Biden called China's economy a "ticking time bomb." Which countries will suffer?

A downturn could reduce global inflation, but lead to economic retaliation.

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Photo: Adam Scotti (Reuters)

Last week, US President Joe Biden called China a “ticking time bomb” after consumer prices fell there for the first time in two years, and gave an ominous warning about the potential for China to do “bad things” during difficult economic times.

Biden’s warning comes with China-US relations at a low. The US president signed an executive order earlier in the week that blocks US venture capital firms from investing in sensitive Chinese tech like advanced computer chips.


China’s economic woes can be partly attributed to the pandemic and its zero covid policy, which persisted long after highly effective covid-19 vaccines were developed. The economic train wreck was caused by a multitude of issues that have been building for more than a decade, argued economist George Magnus in The Guardian. Bad debt, unprofitable infrastructure, vacant real estate, underutilized public transport, and overcapacity in sectors like coal and steel have all slowed down China’s economy.

Shares of China’s largest private property developer hit new lows on Friday as the company approaches restructuring, along with rivals China Evergrande Group and Sunac China Holdings. China also reported the lowest level of monthly new bank loans in over a decade in July.


To help manage the country’s borrowing, the national government in Beijing announced it would allow local governments to issue 1 trillion yuan ($140 billion) of bonds to absorb the debt of local-government financing vehicles. “That consolidation isn’t an immediate positive catalyst but could help with general cleanup of debt down the line,” wrote analysts at Bespoke.

How could a potential Chinese downturn affect the US economy?

The risk this downturn poses to the US economy depends on who you talk to.

Thierry Wizman, a global foreign exchange and interest rates strategist at Macquarie Group, said in a recent research note that China’s slow growth could actually help slow global inflation despite high stock market valuations and a rapid increase in US Treasury issuance. Bill Adams, the chief economist for Comerica Bank, said in an emailed statement that the low growth in China’s property sector is depressing prices for steel, nickel, aluminum, and copper. All of this will also help to curb US inflation.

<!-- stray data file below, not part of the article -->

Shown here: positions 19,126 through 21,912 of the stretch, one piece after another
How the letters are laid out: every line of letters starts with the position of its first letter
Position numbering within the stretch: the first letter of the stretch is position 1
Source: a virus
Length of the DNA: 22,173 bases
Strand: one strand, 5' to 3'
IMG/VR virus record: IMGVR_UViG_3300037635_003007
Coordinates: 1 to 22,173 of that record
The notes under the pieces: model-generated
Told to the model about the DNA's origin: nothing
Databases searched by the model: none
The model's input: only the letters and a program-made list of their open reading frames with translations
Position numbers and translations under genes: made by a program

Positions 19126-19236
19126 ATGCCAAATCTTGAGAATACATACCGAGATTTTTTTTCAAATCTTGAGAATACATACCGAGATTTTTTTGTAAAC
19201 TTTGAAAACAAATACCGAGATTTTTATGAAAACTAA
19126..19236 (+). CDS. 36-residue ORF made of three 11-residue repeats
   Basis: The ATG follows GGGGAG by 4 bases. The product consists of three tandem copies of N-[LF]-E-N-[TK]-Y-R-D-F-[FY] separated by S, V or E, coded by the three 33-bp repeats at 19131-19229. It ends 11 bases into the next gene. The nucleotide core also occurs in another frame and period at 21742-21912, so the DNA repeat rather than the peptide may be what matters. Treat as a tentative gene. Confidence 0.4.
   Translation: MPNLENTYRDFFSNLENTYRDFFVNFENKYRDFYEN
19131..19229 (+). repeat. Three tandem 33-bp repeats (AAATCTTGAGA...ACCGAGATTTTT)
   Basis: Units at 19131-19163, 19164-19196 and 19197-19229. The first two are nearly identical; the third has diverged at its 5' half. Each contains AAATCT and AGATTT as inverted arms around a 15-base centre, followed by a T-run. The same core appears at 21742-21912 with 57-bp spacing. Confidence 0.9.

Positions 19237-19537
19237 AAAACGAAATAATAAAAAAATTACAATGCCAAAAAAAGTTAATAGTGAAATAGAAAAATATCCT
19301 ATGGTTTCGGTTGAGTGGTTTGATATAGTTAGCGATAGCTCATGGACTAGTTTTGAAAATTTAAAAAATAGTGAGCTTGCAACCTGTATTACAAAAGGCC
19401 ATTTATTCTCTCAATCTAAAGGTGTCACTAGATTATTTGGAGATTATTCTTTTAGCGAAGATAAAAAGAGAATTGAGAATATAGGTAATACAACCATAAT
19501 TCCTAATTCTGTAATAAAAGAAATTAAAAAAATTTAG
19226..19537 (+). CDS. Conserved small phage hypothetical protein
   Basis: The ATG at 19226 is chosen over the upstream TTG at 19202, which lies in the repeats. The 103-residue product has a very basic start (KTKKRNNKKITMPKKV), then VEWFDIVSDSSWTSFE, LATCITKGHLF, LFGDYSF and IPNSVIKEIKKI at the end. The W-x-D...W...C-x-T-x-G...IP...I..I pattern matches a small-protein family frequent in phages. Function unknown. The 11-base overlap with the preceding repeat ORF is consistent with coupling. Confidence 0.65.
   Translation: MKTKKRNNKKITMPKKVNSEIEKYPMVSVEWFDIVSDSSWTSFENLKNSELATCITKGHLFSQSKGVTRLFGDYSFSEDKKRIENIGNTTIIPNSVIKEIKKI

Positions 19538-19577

It’s possible that China could retaliate against US export restrictions by halting rare earth metal sales to the US, Tom Plumb, CEO of mutual fund Plumb Funds, told Reuters. If China chooses to create a shortage of rare earth metals—provided they are willing to bear the consequences—this would naturally lead to increased prices for products that rely on these metals, like electronics.

But the US is unlikely to see a blow to its economy come directly from China’s slowdown, according to David Dollar, an expert on the Chinese economy at the Brookings Institute. The US is not an export dependent country; it sells about $150 billion worth of goods each year to China. If 10% of that gets erased, there won’t be much impact to the American economy overall.


China is much more deeply integrated with Asian trading partners like Japan and South Korea, as well as a few European trading partners like Germany. Countries that export copper, iron, oil and natural gas to China would also be hurt.

“You could have spillover effects, [which] partly depends on how serious a recession we’re talking about,” Dollar said. “If China’s growth slows down for a while, that’s not going to have a big effect on the US economy. If you really had a serious growth crisis in China and some kind of global financial crisis, you probably wouldn’t start with the United States, but we would not be exempt from that.”


Things could get much worse if China invades Taiwan

Biden didn’t specify what he meant when he said China might do “bad things,” but the president might have been referring to been escalating tensions between China and Taiwan. Some analysts argue that China uses nationalism and foreign confrontations to distract from domestic problems.


Biden has said that his administration is willing to stand up against China if it threatens to invade Taiwan. Beijing views Taiwan as part of its territory, but the island nation has been functionally independent since 1949. In the last several year, China’s Air Force and Navy have been escalating provocative patrols into Taiwan’s national airspace and maritime boundaries, according to the Institute for the Study of War (ISW).

Elina Ribakova, a senior fellow at the Peterson Institute for International Economics, told CNBC that China is observing and learning from Russia’s strategies to bypass US sanctions levied due to its war of aggression against Ukraine. If China were to invade Taiwan, the US would be forced to slap much tougher sanctions on it. This could disrupt up to $3 trillion in trade and financial flows according to an analysis by the Atlantic Council and the Rhodium Group.


“This is nearly equivalent to the gross domestic product of the United Kingdom in 2022,” Rhodium’s Charlie Vest and Agatha Kratz wrote. “Impacts of this scale make them politically difficult outside of an invasion of Taiwan or wartime scenario.”